NASA: Keep feet on the ground for software success

Information Builders Summit: The key for successful business intelligence projects is to consult with the users, according to the US space agency

The key to success when it comes to business intelligence (BI) is keeping focus on the users of BI systems, according to a NASA project manager.

Earlier this week, the Information Builders Summit, a user conference in Orlando, Florida was told by one speaker that the secret to successful BI projects is all about being "savvy sales people and top-notch marketers".

But according to NASA project manager Ronald Phelps, the key is to consult with the users and get all the definitions and processes clear from the start.

He told ZDNet UK sister site Silicon.com: "You have to keep your community involved from day one because if you don't they change what they [want] and you'll walk in with something you think you've developed for them and it doesn't really solve the problem for them."

Making sure you are talking to the right people is also vital — and these people are often not the mangers but the people actually out on the shop floor.

Phelps said: "You need to make sure you get down to the right level. It's not about selling IT, it is showing them that IT can be one of the tools that can make their lives easier."

People in charge of these projects need to come up with a series of business definitions so that the processes can be fixed in the minds of the users. Defining the roles of each type of user also helps, he said.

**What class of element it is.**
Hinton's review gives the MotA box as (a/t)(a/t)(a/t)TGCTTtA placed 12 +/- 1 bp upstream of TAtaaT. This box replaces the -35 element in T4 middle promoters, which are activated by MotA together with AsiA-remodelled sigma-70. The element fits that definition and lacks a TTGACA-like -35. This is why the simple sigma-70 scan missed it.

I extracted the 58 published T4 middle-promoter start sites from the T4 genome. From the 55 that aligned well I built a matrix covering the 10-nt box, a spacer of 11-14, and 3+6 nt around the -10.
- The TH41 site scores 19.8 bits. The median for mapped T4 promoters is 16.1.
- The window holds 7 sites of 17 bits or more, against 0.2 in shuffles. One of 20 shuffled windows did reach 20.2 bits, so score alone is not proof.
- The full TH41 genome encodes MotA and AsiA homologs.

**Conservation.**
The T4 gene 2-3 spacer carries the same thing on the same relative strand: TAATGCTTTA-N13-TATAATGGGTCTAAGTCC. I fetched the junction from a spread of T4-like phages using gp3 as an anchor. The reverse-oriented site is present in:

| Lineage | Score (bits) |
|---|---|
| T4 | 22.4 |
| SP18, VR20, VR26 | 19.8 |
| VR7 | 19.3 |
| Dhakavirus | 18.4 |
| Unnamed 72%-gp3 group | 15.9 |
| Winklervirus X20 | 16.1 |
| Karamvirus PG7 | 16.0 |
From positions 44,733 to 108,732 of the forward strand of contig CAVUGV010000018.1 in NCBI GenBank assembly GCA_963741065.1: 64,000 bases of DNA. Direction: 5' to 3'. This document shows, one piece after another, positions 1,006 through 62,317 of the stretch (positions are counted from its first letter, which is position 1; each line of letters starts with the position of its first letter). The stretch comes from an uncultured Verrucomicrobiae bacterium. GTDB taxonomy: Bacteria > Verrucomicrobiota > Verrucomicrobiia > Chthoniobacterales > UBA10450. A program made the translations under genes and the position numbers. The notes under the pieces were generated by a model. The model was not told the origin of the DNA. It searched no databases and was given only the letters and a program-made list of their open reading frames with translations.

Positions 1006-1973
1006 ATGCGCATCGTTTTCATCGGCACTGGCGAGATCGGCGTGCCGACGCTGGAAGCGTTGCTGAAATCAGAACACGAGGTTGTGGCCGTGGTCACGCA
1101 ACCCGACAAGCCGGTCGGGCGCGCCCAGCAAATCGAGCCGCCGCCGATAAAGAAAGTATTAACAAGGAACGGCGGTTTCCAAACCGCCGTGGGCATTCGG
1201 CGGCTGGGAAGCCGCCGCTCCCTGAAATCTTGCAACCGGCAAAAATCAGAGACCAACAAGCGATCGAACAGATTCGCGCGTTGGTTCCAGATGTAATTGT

Phelps said he is currently looking at better ways of delivering BI reports to NASA staff using different types of devices.

He said: "If you look at a PC or PDA or tablet, all the display characteristics are different so one of the things we are looking at now is a capability that when someone sends a request to the server it understands what kind of unit the request is coming from and reformats [the return message] so that it shows up better."

But even with all this high-tech information gathering, Phelps is still nostalgic for the old days: "If you go back to the Apollo programme we used typewriters and a phone and our life was so much more simple.

"Today the IT people think you can analyse all this data but in many cases the data you want to get to, you don't need. People don't take the time to identify that this is the stuff that they really need to analyse and collect."

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